Photographer Mitch Dobrowner‘s work is what you get when you combine storm chasing photography with fine art photography. His awe-inspiring black-and-white photos show dramatic storms over sweeping landscapes.
Dobrowner counts Ansel Adams as one of his greatest inspirations as a photographer, and his work shares a similar aesthetic to the masterpieces of the late landscape legend.
“I owe much to the great photographers of the past, especially Ansel Adams, for their dedication to the craft,” Dobrowner stated in an interview with PetaPixel back in 2014. “They were the ones that inspired me in my late teens. Their dedication, determination, craftsmanship and vision still inspire me. Though I have never met them, they helped me determine the course my life would take.
“The first time I saw the work of either Ansel Adams or Minor White I was floored. It may sound a bit cliché, but the images left a major mark on my life. And even today when I look and a great Ansel Adams print or book my world turns upside down again.”
“Living between Los Angeles and Lone Pine, California, Dobrowner often travels throughout the Midwest and Southwest documenting major systems that rage across rural regions,” Colossal writes.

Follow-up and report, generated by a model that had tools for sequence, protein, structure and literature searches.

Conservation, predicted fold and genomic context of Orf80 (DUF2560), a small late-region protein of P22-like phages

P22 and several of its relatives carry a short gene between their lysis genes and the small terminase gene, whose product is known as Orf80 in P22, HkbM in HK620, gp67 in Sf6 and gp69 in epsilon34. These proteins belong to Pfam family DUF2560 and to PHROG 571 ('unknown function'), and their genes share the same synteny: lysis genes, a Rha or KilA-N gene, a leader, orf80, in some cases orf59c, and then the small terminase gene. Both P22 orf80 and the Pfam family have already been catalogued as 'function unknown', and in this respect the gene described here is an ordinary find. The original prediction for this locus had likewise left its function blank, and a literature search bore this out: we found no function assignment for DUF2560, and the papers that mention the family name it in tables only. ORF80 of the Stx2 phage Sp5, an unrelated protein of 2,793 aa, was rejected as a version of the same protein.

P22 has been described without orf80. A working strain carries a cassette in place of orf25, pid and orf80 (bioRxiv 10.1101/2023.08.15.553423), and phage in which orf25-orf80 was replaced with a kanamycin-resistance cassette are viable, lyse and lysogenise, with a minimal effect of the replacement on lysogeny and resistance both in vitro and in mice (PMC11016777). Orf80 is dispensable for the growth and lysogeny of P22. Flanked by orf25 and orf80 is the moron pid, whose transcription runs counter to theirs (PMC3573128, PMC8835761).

After becoming addicted to photography early in life, Dobrowner stopped taking pictures after getting married, having 3 children, and launching a design studio.
“The tasks of running a business and raising a family took a priority to Photography. During that time I stopped taking pictures,” the photographer states.
Dobrowner finally picked up a camera again in 2005, and since then, he has been on a mission “to create images that help evoke how I see our amazing planet.”
“It’s always about the light,” Dobrowner says. “My main focus has always been landscape photography. I have always loved just sitting out in nature, hearing the wind blow and watching the light changing. I study the light and see photography as an exercise in painting with light and shadows.
“In inclement weather, light and shadows are always changing. Then there are the unexpected things that Mother Nature throws at you, especially when a storm is approaching. It’s a pretty surreal sight. I just try and capture what I see and feel at those moments in my pictures.”
Image credits: Photographs by Mitch Dobrowner and used with permission